An intrinsic rational judgment is one about a proposition, irrespective of anything other than the essence of the subject and the essence of the predicate.

For example: it is intrinsically impossible for a seven-faced cube to exist. This is because a cube is a six-faced shape by virtue of what it is, and so a seven-faced cube would be a seven-faced six-faced shape, which is a contradiction. It’s existence therefore, is said to be impossible in of itself.

On the other hand, an extrinsic rational judgment is one about a proposition, while also taking into consideration other factors that may affect its truth[1].

For example: it is intrinsically possible for Zayd to occupy a chair. For Zayd’s occupation of a chair, in of itself, is not absurd. However, this can become impossible when we take into consideration the occurrence of something other than Zayd’s occupation of the chair, like ‘Amr’s occupation of the same chair[2]. In this case, it is said that Zayd’s occupation of the chair is impossible, but for other than itself.

Transformation of Realities 

Extrinsic truths obviously change, since the world is constantly changing. But do intrinsic truths change? Changes in intrinsic truths are called transformations of realities (Inqilab Al-Haqa’iq).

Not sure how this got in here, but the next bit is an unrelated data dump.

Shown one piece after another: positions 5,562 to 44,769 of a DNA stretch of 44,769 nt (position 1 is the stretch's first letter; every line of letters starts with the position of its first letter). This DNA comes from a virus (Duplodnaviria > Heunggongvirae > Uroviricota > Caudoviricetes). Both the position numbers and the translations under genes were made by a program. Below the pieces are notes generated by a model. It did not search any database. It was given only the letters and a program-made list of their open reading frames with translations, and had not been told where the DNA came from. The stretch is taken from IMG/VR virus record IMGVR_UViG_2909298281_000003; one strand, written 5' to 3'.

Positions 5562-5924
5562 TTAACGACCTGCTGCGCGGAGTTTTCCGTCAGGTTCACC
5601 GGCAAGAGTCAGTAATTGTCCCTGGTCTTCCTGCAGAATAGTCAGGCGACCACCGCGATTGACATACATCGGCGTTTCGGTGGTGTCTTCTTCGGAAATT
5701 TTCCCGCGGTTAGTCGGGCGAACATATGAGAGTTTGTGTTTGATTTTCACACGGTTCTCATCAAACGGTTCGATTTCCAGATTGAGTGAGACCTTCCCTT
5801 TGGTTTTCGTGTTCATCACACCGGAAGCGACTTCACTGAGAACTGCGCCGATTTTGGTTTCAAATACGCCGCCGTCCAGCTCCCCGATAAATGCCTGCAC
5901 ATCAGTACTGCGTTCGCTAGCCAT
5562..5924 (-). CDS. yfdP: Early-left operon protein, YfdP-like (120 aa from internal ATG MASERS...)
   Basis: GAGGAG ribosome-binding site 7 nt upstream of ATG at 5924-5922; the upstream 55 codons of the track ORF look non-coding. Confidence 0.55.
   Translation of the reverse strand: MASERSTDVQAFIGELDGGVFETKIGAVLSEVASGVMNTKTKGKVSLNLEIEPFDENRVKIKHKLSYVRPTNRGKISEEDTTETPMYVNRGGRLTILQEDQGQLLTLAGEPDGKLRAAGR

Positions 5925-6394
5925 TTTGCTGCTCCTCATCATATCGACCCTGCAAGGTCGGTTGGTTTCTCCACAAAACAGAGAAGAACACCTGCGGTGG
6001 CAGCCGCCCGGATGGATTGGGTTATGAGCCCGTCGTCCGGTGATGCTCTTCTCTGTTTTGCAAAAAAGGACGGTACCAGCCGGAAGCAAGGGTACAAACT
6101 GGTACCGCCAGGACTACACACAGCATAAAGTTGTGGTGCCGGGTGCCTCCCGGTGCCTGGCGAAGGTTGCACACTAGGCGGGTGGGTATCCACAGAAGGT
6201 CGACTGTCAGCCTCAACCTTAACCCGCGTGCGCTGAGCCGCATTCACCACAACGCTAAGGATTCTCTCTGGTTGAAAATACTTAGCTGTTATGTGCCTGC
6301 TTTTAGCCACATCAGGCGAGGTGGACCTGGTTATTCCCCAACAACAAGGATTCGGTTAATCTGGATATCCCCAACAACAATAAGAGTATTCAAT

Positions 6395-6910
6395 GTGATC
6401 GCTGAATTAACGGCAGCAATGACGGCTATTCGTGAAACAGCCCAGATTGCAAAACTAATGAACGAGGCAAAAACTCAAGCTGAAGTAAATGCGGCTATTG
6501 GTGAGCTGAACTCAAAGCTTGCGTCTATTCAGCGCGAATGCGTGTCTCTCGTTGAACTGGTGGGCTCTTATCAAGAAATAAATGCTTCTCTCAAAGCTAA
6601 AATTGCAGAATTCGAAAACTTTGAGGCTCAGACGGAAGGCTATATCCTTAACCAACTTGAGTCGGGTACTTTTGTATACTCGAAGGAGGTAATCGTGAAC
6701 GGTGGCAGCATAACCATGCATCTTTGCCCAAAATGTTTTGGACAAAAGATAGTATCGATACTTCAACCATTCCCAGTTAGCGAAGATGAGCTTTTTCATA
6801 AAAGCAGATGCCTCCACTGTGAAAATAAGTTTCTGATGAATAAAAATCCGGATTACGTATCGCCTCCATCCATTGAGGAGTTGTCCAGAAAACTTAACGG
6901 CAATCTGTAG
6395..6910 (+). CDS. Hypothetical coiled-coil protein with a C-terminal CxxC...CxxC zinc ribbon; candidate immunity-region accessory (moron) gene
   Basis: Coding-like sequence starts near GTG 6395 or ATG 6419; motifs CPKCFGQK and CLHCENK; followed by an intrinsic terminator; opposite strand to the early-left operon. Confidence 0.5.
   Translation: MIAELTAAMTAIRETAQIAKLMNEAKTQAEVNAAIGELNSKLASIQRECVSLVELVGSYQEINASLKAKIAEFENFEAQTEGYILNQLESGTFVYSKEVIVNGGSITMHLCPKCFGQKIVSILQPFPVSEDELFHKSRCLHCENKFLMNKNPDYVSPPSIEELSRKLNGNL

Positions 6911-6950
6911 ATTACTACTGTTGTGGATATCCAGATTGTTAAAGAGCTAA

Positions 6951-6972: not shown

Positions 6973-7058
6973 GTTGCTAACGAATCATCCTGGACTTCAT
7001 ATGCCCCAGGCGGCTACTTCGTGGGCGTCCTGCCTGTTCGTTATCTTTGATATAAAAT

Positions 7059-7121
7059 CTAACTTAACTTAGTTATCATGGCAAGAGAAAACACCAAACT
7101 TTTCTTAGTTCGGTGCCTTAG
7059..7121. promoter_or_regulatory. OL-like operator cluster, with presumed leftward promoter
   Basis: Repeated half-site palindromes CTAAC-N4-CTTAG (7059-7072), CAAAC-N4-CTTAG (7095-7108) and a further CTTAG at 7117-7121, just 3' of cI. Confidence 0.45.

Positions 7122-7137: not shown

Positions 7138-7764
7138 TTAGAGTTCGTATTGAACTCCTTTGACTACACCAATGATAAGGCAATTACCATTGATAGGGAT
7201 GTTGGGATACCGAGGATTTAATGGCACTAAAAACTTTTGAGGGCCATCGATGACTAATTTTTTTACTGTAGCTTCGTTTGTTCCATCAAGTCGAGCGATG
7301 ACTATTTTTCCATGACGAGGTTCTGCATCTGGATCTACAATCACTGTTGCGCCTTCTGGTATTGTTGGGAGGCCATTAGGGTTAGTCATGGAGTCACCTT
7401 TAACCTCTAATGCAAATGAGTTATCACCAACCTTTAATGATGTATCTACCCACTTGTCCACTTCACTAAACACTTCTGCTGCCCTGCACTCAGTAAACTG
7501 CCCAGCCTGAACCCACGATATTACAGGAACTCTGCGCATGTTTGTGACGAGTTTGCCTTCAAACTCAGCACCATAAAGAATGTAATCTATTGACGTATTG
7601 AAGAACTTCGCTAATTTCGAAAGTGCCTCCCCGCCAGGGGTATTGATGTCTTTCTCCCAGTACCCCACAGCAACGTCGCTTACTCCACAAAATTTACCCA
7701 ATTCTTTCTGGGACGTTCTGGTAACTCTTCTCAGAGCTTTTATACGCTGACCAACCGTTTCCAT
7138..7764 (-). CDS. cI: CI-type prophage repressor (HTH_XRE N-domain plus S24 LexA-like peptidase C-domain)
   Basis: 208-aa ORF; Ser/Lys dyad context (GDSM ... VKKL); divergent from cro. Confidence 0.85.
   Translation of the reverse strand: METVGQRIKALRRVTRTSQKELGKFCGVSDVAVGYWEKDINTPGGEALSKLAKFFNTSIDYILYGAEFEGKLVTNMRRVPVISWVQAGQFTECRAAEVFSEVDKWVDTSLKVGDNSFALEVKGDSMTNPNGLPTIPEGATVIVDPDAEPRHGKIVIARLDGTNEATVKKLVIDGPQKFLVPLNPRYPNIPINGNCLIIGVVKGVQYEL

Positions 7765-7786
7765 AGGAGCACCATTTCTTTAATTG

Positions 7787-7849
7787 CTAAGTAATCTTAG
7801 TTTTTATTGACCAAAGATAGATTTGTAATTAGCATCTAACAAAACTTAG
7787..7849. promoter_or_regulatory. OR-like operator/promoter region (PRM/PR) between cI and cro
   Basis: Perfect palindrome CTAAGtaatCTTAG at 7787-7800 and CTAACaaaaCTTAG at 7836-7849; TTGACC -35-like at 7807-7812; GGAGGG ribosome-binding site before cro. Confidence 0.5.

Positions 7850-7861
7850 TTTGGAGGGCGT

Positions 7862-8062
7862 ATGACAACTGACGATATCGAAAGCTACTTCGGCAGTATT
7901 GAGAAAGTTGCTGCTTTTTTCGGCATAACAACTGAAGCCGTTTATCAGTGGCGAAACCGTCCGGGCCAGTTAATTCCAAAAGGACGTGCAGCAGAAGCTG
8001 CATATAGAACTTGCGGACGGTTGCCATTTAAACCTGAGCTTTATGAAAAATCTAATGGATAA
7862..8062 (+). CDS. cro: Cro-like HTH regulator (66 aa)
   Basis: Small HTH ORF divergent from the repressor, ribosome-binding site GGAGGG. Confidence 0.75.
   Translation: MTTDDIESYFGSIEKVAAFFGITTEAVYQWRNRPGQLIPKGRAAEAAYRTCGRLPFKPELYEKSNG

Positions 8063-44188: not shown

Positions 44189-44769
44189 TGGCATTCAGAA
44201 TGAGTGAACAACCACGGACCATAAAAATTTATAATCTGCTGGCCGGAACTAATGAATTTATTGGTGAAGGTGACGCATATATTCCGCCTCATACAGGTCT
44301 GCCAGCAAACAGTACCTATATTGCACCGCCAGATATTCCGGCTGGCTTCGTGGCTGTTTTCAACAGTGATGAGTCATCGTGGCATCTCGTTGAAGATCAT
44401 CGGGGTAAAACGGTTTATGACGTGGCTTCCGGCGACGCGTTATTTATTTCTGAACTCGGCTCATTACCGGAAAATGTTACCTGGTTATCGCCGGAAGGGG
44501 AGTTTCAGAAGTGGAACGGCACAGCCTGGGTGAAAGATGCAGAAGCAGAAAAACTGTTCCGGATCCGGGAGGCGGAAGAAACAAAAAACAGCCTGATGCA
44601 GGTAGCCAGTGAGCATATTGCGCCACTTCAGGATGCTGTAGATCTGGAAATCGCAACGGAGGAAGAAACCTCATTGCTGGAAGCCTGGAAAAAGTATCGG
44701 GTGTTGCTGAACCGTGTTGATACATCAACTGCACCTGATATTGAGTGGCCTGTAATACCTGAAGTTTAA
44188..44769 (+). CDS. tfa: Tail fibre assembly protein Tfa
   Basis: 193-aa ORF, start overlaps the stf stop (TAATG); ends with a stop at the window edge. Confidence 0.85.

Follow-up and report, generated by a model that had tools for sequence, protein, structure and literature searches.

For example: an essence whose existence is an intrinsic possibility, to become intrinsically necessary or impossible.

We claim that the transformation of realties is impossible. This is because what is intrinsic to an essence is that which makes it itself, without which it is not itself. And so claiming that a reality changed, is tantamount to claiming that an essence is no longer itself, and that would be a violation of identity.

For example: if existence were intrinsically possible for a particular essence, then this essence accepts both existence and non-existence by virtue of what it is. So to claim that this essence no longer accepts existence (i.e. that its existence is now an intrinsic impossibility), or non-existence (or an intrinsic necessity), is to claim that this essence is no longer this essence. And that is absurd.


 

[1] Other factors that are external to the essence of the subject and the essence of the predicate.

[2] Since it is impossible for both Zayd and ‘Amr to occupy the same chair, at the same time.

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